COViD education
July 9, 2020

It turns out "closing schools was a lot easier than reopening them" during the coronavirus pandemic, Myah Ward and Renuka Rayasam note at Politico. But Johns Hopkins University — which has made checking COVID-19 infection and death data easy with its coronavirus map — is trying to help, launching another site Thursday to help Americans track how different states plan to reopen schools this fall, plus guidelines from health and education agencies and organizations.

According to this new education tracker, run by the Johns Hopkins eSchool+ Initiative, 43 states and territories have released plans for reopening their schools. The site reviews each plan based on 12 criteria, including coronavirus protection measures, academics, and choices offered to students, teachers, and staff.

The goal of the tracker is to give parents, teachers, staff, school district leaders, and policymakers one place where they can access and compare reopening plans, Annette Anderson, deputy director of JHU's Center for Safe and Healthy Schools, tells Politico. "At the end of the day, it's about trying to make sure that when we reopen, that the reopening benefits all." Peter Weber

July 9, 2020

President Trump on Wednesday criticized the Centers for Disease Control and Prevention's guidelines for reopening schools during the COVID-19 pandemic, then he and Education Secretary Betsy DeVos threatened to withhold federal funds from schools that don't fully reopen in the fall. "The Dems think it would be bad for them politically if U.S. schools open before the November Election, but is important for the children & families," Trump tweeted. Vice President Mike Pence said Wednesday afternoon the CDC will issue new guidelines.

"Well, the president said today, we just don't want the guidance to be too tough," Pence said at a coronavirus task force briefing. "That's the reason why next week, the CDC is going to be issuing a new set of tools, five different documents that will be giving even more clarity on the guidance going forward."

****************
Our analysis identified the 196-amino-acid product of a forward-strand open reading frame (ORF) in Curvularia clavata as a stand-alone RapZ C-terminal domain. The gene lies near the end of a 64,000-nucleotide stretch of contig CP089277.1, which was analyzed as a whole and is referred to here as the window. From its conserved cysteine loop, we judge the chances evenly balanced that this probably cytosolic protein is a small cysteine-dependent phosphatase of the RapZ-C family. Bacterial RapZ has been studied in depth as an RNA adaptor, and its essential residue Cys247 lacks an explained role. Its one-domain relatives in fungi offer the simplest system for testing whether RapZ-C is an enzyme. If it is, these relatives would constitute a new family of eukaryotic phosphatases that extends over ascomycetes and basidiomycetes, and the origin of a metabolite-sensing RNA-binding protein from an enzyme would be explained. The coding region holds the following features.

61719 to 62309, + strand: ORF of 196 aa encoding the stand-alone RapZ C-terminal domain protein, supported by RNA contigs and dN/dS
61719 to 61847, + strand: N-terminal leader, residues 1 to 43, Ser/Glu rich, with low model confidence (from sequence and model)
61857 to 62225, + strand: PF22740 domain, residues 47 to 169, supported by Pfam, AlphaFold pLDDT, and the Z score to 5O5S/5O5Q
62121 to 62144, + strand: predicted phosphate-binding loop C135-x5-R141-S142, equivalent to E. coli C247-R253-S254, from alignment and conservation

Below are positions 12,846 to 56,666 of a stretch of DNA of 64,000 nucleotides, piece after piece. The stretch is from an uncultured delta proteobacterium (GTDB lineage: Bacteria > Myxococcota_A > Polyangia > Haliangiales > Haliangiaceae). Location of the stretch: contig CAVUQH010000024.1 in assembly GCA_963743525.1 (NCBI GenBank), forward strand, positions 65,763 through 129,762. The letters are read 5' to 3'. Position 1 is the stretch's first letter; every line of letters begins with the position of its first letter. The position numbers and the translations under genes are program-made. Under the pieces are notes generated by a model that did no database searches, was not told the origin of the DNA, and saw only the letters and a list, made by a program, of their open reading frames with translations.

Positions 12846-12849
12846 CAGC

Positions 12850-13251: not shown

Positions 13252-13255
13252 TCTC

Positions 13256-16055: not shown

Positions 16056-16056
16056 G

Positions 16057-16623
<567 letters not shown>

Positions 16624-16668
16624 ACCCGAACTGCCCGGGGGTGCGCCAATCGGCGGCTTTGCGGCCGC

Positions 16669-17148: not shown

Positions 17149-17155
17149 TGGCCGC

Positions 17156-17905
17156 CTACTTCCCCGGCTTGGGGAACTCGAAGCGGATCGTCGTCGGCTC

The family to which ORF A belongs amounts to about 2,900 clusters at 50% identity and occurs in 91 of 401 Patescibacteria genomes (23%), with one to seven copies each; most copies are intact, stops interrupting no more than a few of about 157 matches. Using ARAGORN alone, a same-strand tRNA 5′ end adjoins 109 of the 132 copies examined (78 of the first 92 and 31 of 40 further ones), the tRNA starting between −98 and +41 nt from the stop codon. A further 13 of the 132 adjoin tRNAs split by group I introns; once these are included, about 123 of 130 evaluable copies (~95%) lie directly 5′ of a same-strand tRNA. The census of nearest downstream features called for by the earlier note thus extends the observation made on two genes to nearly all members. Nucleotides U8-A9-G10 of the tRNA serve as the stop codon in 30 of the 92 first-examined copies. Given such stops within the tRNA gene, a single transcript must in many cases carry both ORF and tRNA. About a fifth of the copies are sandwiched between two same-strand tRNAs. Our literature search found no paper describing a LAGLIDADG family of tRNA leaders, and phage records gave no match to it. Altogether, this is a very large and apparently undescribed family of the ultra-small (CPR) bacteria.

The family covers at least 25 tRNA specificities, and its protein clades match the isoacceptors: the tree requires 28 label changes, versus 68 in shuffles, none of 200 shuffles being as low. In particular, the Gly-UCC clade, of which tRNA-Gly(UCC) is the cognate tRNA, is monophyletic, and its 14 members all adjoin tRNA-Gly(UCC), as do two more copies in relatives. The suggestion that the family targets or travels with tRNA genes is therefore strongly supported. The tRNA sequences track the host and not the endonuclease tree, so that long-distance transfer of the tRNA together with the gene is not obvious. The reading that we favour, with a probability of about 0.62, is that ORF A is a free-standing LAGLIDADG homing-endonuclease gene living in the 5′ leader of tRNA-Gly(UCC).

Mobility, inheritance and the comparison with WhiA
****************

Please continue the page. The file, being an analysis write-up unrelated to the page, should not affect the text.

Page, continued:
There are good social, economic, and societal reasons to send kids back to school — the American Academy of Pediatrics "strongly" advises a return to in-school learning — but only if districts can reasonably minimize the risks for children, teachers, and staff. The steps to make schools adequately safe will cost an extra $1.8 million for an average school district, according to one analysis, and it's not clear Trump and Congress will offer any financial help.

State and local agencies, which fund more than 90 percent of K-12 education, are facing hard choices, as are teachers and parents weighing the risks and benefits of returning or sending their kids into classrooms amid a deadly, in many cases out-of-control coronavirus outbreak. Trump appearing to force federal scientists to water down their guidance probably won't help those decisions.

"Stop making public education a political issue," said Leslie Boggs, National PTA president.

For Trump, getting kids back in school is "about the economy, and it's about his re-election," Politico reports. As Trump's team sees it, children in school means "parents can more easily return to work and juice the economy — something even the president's allies consider a necessity for Trump to win re-election. And with Trump's sagging poll numbers against presumptive 2020 rival Joe Biden, aides also hope the campaign for in-person schooling will play well with the female and suburban voters the president needs to remain in office."

That last gamble is pretty high-stakes, and it's hard to imagine it paying off if the headlines this fall are about schools closing down again as COVID-19 rampages through suburban schools. Peter Weber

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